In the 1920s and 1930s many African American expatriates settled in Europe including Josephine Baker, Adelaide Hall and Elisabeth Welch. They captivated audiences with their songs, beauty, elegance and style. Evelyn stood alone as a black Briton who joined these trailblazers. They were women who created a glamorous and exciting new image for black women in show business.
Evelyn was also one of the true pioneers of the booming cabaret age of the 1920s and 1930s. She thrilled audiences around the world and her exquisite stage costumes helped to make her one of the most glamorous women of her time. Her mesmerising movie star looks and grace captivated those in her presence. The public and press couldn’t get enough of the rising star who replaced Josephine Baker as the star attraction in a revue at the famous Casino de Paris. Evelyn’s career was one of many highs and lows, but at the height of her fame she was a young adventuress who refused to be constrained by her race and English middle-class background.
Evelyn was of dual-heritage, born into privilege in London in 1902 to a wealthy Sierra Leonean father and his English wife. Evelyn was educated privately until she studied singing, piano and elocution at the Royal Academy of Music. As a trained contralto, she graduated in 1919 and hoped for a career on the concert platform. This was almost impossible in Britain for a black singer at that time, unless they were African Americans. So, Evelyn worked in London’s cabaret shows and the all-black cast jazz revues that toured Britain and eventually took her to Europe where she was a sensation.
Following her European success, Evelyn took off to India in 1937 where she triumphed in cabaret at the popular Harbour Bar in Bombay (now Mumbai). One newspaper, The Evening News of India, introduced her as “an artist of international reputation, one of the leading personalities of Europe’s entertainment world” and “the closest rival of the great Josephine Baker”.
When Hitler’s war clouds appeared over Europe, Evelyn discovered that she couldn’t go back. Returning to Britain, throughout World War II, she enjoyed the same appeal as the ‘Forces Sweetheart’, Vera Lynn. The BBC employed Evelyn all through the war, and she proved to be one of Radio’s most popular vocalists, appearing in a wide range of music and variety programmes. Many of these appearances were broadcast to the forces.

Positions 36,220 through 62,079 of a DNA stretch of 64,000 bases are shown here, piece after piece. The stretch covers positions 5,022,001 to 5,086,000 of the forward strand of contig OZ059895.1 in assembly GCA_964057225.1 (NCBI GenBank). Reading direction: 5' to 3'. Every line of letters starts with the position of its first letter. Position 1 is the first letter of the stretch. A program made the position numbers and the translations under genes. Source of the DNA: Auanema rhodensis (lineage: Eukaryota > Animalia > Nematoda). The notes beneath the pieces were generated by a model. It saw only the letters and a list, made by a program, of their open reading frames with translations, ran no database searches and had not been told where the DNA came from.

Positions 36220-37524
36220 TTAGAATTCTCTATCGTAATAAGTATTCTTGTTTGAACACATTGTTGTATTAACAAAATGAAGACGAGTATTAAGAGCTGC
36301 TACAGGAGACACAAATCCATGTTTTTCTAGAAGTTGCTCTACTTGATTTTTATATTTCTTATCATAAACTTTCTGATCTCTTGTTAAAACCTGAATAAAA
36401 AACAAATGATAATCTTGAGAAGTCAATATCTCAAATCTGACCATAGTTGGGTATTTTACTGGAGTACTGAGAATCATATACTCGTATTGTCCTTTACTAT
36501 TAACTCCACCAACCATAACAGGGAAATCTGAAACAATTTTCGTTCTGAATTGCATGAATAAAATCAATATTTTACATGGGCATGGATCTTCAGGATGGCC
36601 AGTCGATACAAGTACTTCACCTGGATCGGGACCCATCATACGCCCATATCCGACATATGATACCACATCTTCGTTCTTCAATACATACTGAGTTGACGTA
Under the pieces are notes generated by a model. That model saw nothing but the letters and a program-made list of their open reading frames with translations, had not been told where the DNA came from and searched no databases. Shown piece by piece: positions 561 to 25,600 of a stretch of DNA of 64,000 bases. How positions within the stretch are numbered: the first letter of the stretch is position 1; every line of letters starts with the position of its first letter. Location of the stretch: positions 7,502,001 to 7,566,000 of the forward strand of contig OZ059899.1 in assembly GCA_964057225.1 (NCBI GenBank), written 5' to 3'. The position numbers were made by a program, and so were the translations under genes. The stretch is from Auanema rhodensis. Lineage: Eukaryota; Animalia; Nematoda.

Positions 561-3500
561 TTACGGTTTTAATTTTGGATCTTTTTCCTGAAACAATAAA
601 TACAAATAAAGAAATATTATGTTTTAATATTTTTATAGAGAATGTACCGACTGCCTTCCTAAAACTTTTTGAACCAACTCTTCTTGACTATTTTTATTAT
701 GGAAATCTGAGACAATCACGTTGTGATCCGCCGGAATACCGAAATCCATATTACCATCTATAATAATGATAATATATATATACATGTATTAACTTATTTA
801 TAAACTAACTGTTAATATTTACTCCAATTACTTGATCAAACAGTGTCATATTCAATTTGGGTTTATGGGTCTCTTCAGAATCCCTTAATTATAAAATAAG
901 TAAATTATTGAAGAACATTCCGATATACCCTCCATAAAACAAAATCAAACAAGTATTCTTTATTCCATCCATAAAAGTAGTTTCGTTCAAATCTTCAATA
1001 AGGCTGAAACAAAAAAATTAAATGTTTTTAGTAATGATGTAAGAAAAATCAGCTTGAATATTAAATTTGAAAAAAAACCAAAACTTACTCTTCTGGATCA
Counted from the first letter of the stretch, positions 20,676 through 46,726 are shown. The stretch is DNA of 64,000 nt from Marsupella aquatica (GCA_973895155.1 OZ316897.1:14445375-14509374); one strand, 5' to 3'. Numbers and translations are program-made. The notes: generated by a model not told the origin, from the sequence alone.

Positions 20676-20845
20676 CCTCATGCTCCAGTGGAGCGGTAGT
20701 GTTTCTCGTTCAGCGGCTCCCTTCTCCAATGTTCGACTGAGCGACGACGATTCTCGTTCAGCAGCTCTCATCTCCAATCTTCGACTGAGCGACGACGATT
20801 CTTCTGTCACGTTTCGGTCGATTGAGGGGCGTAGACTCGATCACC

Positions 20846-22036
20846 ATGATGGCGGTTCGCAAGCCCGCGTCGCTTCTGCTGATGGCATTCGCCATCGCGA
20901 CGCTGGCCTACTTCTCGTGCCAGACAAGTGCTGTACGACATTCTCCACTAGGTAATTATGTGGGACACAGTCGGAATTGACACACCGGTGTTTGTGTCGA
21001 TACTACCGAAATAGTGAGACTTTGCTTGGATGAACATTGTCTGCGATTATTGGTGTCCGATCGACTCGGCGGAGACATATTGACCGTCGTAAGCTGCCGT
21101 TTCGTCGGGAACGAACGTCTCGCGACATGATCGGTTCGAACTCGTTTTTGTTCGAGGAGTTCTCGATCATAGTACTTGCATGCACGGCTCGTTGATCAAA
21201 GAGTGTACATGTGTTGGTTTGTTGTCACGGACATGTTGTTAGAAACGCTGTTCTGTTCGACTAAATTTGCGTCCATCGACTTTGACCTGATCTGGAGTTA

Evelyn’s radio broadcasts included over 50 editions of the series Serenade in Sepia in which she was featured with the Trinidadian folk singer Edric Connor. The series was so popular that, in 1946, the BBC transferred it to their television service. Evelyn and Edric became household names and they were among Britain’s first television stars in the early post-war years when the medium was still in its infancy.
In the 1950s her career took an unexpected downward turn. Work became scarce. In 1956 the tide began to turn when she landed an acting role on BBC television as Eartha Kitt’s mother in the play Mrs Patterson. Two years later she was back on stage, in London’s West End, as one of the stars of Langston Hughes’s musical Simply Heavenly. Evelyn then joined one of Britain’s first black theatre companies, the Negro Theatre Workshop, founded by her former co-star Edric Connor and his wife Pearl. The Workshop staged its first major production A Wreath for Udomo in London in 1961. Four years later Evelyn made one of her last stage appearances in the Workshop’s acclaimed production The Dark Disciples, a blues version of the St Luke Passion.
In the late 1960s, Evelyn suffered from depression and, in 1972, at the age of 70, she was admitted to a nursing home in Epsom, Surrey. She died in 1987. Evelyn Dove was a trailblazer who was ahead of her time, forging new barriers and facing up to her own personal struggles with determination and defiance. Her spirit remains alive.
For further information see Stephen Bourne, Evelyn Dove: Britain’s Black Cabaret Queen (Jacaranda Books, 2016) (£12.99) https://www.jacarandabooksartmusic.co.uk/
Photographs of Evelyn Dove from Stephen Bourne’s private collection can be purchased from the Mary Evans Picture Library www.maryevans.com